The Division of Management Authority of USF&WS stopped issuing elephant trophy import permits for Tanzania at the first of Tanzania’s safari season. The disruption was due to a snafu within the International Affairs Office of USF&WS that went on for more than a year. Elephant trophy import permits are now once again being issued.
Over a year ago the Branch of Permits sent a questionnaire to the Director of the Wildlife Division of Tanzania about the status and management of Tanzania’s elephant. Tanzania filed a thorough and detailed response, but it was lost within the International Division for more than a year. When permits were not forthcoming this spring and early summer, hunters and operators started complaining, as did Tanzania and Conservation Force. A number of hunters were on the verge of canceling their safaris, but we prevailed upon them not to because surely the permits would ultimately be issued. Many believed that import permits were required by Tanzania before a hunting license could be issued, which is a longstanding belief that apparently is not entirely correct. Regardless, those that took their safaris were permitted to hunt. The complaints lead to Tanzania’s response surfacing within USF&WS. The import permits were subsequently issued after the Division of Scientific Authority and Division of Management Authority made their necessary findings of “non-detrimental” under their CITES regulations and “enhancement” under their special elephant trophy ESA regulations.
The incident gave us quite a scare as it was effectively a closure of elephant trophy imports from Tanzania without prior notice or fanfare. It is not the first time responses to elephant questionnaires have been lost within the International Division according to other African wildlife departments. Cameroon, Mozambique and Zambia permits have been denied or delayed for the same exact reason in the past. Likewise, the permit applicants and the foreign wildlife departments did not know of it until complaints were made. There is convincing evidence that responses were sent in each instance and the African authorities produced their early responses in each case.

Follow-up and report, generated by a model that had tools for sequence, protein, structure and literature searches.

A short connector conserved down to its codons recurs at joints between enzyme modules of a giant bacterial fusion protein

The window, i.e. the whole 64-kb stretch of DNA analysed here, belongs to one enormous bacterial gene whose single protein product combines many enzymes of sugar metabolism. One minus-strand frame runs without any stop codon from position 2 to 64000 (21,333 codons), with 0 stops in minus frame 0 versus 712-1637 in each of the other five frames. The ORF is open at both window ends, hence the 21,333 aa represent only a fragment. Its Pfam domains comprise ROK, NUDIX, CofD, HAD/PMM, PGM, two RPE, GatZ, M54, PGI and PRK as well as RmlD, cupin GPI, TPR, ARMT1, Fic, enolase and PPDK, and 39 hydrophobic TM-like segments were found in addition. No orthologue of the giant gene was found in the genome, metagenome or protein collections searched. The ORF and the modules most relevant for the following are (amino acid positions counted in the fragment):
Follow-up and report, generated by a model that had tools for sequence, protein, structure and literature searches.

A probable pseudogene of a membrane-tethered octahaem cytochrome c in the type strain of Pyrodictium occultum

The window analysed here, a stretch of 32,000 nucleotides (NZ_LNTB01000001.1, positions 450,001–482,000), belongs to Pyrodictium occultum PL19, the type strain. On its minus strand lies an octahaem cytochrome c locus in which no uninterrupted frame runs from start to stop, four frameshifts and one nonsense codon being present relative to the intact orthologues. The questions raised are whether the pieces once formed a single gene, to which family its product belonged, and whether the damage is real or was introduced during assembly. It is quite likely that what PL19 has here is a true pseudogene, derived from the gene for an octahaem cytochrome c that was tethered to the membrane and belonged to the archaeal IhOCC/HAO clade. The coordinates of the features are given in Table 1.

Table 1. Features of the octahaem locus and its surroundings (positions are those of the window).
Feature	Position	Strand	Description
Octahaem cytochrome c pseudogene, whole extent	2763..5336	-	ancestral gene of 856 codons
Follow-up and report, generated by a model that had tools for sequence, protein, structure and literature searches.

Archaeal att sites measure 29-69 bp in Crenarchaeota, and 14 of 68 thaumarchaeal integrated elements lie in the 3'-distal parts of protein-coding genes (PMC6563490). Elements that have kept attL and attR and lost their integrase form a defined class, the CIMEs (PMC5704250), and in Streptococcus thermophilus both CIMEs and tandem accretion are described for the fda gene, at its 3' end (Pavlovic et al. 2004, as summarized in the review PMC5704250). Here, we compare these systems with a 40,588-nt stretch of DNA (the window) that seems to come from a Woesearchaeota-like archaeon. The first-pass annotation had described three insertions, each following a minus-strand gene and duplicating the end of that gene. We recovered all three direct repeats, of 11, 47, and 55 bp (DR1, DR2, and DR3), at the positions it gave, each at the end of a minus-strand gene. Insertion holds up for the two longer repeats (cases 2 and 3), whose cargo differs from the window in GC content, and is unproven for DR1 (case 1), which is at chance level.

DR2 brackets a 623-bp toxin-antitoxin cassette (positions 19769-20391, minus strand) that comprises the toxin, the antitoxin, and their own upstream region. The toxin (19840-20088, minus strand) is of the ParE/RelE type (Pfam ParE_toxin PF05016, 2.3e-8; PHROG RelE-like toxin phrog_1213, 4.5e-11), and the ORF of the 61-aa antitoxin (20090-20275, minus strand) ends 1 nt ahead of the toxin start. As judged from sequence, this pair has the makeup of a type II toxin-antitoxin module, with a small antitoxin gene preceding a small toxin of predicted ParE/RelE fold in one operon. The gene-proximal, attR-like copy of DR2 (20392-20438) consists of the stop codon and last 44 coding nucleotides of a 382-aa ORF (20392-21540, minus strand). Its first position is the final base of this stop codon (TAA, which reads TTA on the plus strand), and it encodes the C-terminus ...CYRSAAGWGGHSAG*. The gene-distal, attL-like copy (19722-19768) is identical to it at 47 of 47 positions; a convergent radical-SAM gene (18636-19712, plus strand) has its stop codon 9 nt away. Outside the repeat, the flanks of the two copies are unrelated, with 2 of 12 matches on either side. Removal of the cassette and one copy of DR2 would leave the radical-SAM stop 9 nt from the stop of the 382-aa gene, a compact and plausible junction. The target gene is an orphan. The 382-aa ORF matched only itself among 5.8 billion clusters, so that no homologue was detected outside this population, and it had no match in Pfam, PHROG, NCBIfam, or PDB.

Second, the International Division has its own self-imposed biological and management criteria for trophy imports of CITES Appendix I listed species like elephant that conflict with CITES Resolutions to facilitate trophy trade. It also has its own self-imposed “enhancement” requirement under the ESA for elephant imports.
The irony of the closure of imports while it lasted is that Tanzania has the second largest and best managed elephant population in the world. The elephant population in surveys conducted in 2006 estimated elephant populations at 141,646, yet the quota is only 200 bulls. That is a great deal larger than the upper limit of 100,600 elephant established as the desirable number in Tanzania’s current Elephant Management Plan of 2001. Tanzania has one of the largest expanses of protected areas of any country in the world, 28 percent of land surface area, and its elephant actually occupy 49 percent of the total land surface. One population in the Selous is the largest in the world and is growing.
The Selous population is increasing at the rate of 5.8 percent while Tanzania’s overall population is increasing at 3.8 percent. As far as enhancement, in 2006 the hunting community raised over one-half million dollars for anti-poaching to protect elephant in Tanzania with the help of Gerard Pasanisi, Past-President George Bush, Dallas Safari Club and others at special fundraisers across the world. Tourist hunting has been one of the accepted pillars of wildlife and habitat conservation in Tanzania for well over 100 years and Tanzania said so in its response. We are indebted to those who came to Conservation Force in time to address the issue early in Tanzania’s hunting season before more harm was done.